Strong leadership is a vital component of having a powerhouse team. The direction, inspiration, support and example of leading from the front cannot be underestimated. However, no matter how superb a leader may be, this is only half (or perhaps well less than half) the battle.
Responsibility for being a powerhouse team rests with each individual Team Mate because each team is only as strong as its weakest link.
I’d love to say that leadership, effective communication and team culture are things we all work towards when the going is good, but in my experience, they’re not things we prioritise until it becomes abundantly clear that we need to – at which point the wheels are starting to wobble, or even fall off.
By the time the wheels are falling off your team, there is some water under the bridge and a few agendas clashing. Fingers get pointed and everyone is waiting for someone else to demonstrate loyalty and effort to rebuild decayed trust.
Strengthening a team requires energy and this energy must be called for and committed to from all sides. Leadership must inspire, renew and call to order. Draw a new direction, commit to the following of it and take the initiative to lead loudly by example. This is not enough though. Each and every team member must be called to realise the vital part that they play and draw themselves up to the challenge. They must speak honestly about their needs and honour the needs of the rest of the team. A friend of mine described it in terms of the slats of a broken wooden pail yesterday. The amount of water that pail can hold is determined by the most broken slat, over the top of which the water will pour out. The same is true with a team. The energy will flow out at the most broken point.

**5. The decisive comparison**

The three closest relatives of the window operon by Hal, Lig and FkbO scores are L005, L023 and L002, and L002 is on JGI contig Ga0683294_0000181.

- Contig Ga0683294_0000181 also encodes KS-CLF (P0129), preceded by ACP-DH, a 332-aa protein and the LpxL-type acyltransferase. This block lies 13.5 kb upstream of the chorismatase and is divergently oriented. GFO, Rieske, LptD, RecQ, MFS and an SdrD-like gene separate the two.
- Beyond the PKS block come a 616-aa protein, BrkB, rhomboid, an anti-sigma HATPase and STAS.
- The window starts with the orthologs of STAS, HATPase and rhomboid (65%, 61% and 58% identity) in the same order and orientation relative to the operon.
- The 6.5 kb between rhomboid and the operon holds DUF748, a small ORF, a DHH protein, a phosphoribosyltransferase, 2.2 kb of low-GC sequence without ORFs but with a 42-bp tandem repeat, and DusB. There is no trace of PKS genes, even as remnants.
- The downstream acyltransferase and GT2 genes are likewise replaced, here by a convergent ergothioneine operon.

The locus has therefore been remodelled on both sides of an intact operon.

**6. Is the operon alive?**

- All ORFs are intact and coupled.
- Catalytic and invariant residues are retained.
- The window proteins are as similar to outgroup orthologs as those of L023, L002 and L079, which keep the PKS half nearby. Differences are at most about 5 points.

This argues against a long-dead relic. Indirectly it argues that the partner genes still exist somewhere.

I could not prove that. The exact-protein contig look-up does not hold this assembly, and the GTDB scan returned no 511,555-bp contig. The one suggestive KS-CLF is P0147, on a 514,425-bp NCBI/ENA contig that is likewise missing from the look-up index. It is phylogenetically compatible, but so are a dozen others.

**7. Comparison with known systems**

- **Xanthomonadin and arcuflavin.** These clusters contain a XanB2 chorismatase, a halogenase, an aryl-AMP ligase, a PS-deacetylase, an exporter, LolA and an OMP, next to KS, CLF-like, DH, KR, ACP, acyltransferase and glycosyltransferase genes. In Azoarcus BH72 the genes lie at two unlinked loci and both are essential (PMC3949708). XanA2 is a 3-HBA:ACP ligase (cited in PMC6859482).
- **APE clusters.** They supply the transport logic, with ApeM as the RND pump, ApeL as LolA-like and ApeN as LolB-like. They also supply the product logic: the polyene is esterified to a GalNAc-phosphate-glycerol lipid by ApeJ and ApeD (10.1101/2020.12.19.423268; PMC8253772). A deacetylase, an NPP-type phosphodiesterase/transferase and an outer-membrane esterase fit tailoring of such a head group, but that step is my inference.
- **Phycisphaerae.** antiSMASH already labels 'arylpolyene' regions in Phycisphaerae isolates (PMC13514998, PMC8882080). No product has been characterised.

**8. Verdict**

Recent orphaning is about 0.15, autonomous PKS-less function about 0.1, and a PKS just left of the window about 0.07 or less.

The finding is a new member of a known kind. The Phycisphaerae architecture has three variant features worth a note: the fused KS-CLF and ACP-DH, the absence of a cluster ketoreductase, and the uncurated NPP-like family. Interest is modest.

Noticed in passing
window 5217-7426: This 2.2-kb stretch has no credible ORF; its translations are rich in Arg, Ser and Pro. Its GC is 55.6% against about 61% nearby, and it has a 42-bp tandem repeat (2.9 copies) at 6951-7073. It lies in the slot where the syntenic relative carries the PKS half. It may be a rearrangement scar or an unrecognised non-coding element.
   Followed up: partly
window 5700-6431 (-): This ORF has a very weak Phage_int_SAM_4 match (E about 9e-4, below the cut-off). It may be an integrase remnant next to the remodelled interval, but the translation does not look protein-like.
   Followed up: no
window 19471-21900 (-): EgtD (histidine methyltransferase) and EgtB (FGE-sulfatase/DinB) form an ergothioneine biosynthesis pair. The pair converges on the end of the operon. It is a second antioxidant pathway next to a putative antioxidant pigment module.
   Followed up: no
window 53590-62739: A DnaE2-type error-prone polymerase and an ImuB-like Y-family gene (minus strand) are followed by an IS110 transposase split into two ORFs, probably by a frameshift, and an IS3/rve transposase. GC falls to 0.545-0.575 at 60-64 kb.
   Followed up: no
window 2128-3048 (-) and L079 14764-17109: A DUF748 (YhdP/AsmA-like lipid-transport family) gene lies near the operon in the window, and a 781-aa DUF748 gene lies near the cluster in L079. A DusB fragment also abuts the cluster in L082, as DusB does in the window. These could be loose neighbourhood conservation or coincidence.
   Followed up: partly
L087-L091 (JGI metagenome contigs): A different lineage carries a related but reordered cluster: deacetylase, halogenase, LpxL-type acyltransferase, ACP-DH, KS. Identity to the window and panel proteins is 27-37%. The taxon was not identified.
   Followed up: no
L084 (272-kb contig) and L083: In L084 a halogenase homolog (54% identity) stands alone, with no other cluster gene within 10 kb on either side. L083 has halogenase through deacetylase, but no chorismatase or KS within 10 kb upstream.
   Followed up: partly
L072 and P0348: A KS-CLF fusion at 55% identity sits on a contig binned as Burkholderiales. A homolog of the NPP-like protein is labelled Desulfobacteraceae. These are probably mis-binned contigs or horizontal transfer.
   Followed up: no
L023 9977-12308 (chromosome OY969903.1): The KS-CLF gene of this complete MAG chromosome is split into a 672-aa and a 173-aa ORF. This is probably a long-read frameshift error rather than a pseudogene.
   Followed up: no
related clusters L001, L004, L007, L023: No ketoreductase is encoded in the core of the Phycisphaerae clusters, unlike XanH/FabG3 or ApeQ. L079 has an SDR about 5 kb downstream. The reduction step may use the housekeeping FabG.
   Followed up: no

For that reason, it lands with the leader primarily, to make the effort to ask every part of the team what their needs are and try faithfully to meet those needs. This is a mission that requires great effort and commitment – the rewards for which are powerful and long-lasting rebuilding of trust, engagement and loyalty.
We’re currently surrounded by a myriad of examples of this – each with their varying degrees of success.
Within 10 days of the terror attacks in New Zealand, their Prime Minister, Jacinda Ardern, moved decisively to start discussions on the ban all semi-automatic military style weapons. Citizens started handing them in of their own accord! She has called for unity of spirit and declares “I need help from every single one of us. Let New Zealand be a place where there is no tolerance for racism, ever. And that’s something we can all do.” Watch an excerpt of her speech here.
On another continent, the 29th of March looms large as Brexit threatens to test the democracy of an entire nation. Any discussion that asks your team what their needs are must be open, frank and transparent. There is no room for leadership to try and colour that discussion or lead its result in a direction that is desirable for that leadership. The authenticity of the team’s needs must be respected.
On my own continent, the “individual leadership” (my brother’s words) shown by the people of Zimbabwe in response to the disaster that is Cyclone Idai has been overwhelming. Out of a community that has little continues to flow aid for those that now have nothing, proving that even when strong leadership is absent, individuals can rise up to form a team of immense strength themselves when united by common values.
Dale Carnegie wrote “Inaction breeds doubt and fear. Action breeds confidence and courage. If you want to conquer fear, do not sit home and think about it. Go out and get busy.”
Each of us is waiting for someone else to lead. For someone else to demonstrate what we want to see. Yet, we all have a responsibility to be the team mate we’d like to serve with. Find your courage. Act. Lead.
In which arena are you a leader and which a team mate? What is your part to play and how can you add to the combined energy of the group? What are you waiting for, and how can you start it yourself? What do you fear and how can you act with courage regardless? What are the needs of your team and how can you honour them? How can you show individual leadership today?
by Christen Killick
March 25th, 2019